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New methodologies in the stable isotope analysis for cultural heritage.
Lubritto C., Tafury M.A., Soncin S., Farese M., Formichella G., Panella S., Bernardini S., Cocozza C., Di Cicco M., Altieri S., Mantile N.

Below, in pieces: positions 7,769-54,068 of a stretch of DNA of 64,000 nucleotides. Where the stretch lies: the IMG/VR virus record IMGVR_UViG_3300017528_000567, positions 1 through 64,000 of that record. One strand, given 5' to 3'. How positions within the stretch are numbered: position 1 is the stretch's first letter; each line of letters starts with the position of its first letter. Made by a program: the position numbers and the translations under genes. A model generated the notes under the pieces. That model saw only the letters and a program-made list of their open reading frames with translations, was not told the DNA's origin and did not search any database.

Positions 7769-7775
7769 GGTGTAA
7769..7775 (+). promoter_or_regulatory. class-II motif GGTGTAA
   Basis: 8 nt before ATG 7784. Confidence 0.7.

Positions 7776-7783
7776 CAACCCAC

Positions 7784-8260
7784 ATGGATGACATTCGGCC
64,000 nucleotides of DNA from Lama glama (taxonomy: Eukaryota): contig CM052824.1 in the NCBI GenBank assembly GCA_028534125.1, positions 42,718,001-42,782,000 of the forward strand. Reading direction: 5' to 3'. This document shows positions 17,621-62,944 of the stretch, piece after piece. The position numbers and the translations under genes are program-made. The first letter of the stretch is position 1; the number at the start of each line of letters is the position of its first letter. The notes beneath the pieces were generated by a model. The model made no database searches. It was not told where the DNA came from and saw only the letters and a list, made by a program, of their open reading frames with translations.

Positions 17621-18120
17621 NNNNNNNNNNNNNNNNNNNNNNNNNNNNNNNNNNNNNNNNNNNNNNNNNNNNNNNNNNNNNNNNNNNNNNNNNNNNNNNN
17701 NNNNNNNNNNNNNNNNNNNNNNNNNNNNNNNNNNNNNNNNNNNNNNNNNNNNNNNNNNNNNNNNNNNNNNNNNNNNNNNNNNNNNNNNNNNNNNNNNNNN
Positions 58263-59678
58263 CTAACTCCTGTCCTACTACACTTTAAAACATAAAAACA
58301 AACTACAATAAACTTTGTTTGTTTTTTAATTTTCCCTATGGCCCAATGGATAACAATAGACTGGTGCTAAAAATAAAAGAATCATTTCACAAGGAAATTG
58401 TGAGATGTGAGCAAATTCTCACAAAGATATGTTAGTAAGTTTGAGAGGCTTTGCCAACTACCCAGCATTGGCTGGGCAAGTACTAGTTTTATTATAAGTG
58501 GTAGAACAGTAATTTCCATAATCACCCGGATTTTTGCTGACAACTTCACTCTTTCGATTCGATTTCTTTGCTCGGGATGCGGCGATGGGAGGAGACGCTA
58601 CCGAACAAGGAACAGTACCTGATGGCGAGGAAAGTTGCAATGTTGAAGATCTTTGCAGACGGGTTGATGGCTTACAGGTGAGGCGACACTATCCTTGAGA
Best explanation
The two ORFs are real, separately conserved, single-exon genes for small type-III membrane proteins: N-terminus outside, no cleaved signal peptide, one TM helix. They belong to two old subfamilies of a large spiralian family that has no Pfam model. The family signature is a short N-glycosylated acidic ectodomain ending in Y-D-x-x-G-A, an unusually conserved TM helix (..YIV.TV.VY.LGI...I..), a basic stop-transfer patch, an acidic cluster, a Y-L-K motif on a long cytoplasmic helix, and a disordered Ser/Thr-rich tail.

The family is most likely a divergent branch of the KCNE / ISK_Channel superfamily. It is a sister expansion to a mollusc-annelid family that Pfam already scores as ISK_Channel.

In the last decades there has been a growing interest about archaeometric researches upon osteoarcheological remains as a source of information to investigate past lifestyles. In particular stable isotope analysis carried out on human archaeological tissues or bone, with the aim of investigating different aspects of human lifeways ($e.g.$, subsistence practices) is nowadays a common procedure in bioarchaeological research. Indeed stable isotope analysis of collagen, the organic component of the bone, allows us to gather a wealth of information ranging from paleo-diet, climate changes, social status, exploitation of local resources, migrations, weaning age, breeding and farming practices of ancient populations. In the present paper we present some recent methodologies introduced in these field such as: i) incremental dentine isotopic methodologies; ii) Bayesian modelling tool; iii) carbon and nitrogen isotope analysis of amino acids (compound-specific isotope analysis of amino acids CSIA-AA). These approaches were tested on sample coming from different sites (Pompeii, Ostia, Herculaneum) to investigate the life of ancient community in some of the central economic hubs of the Roman Empire.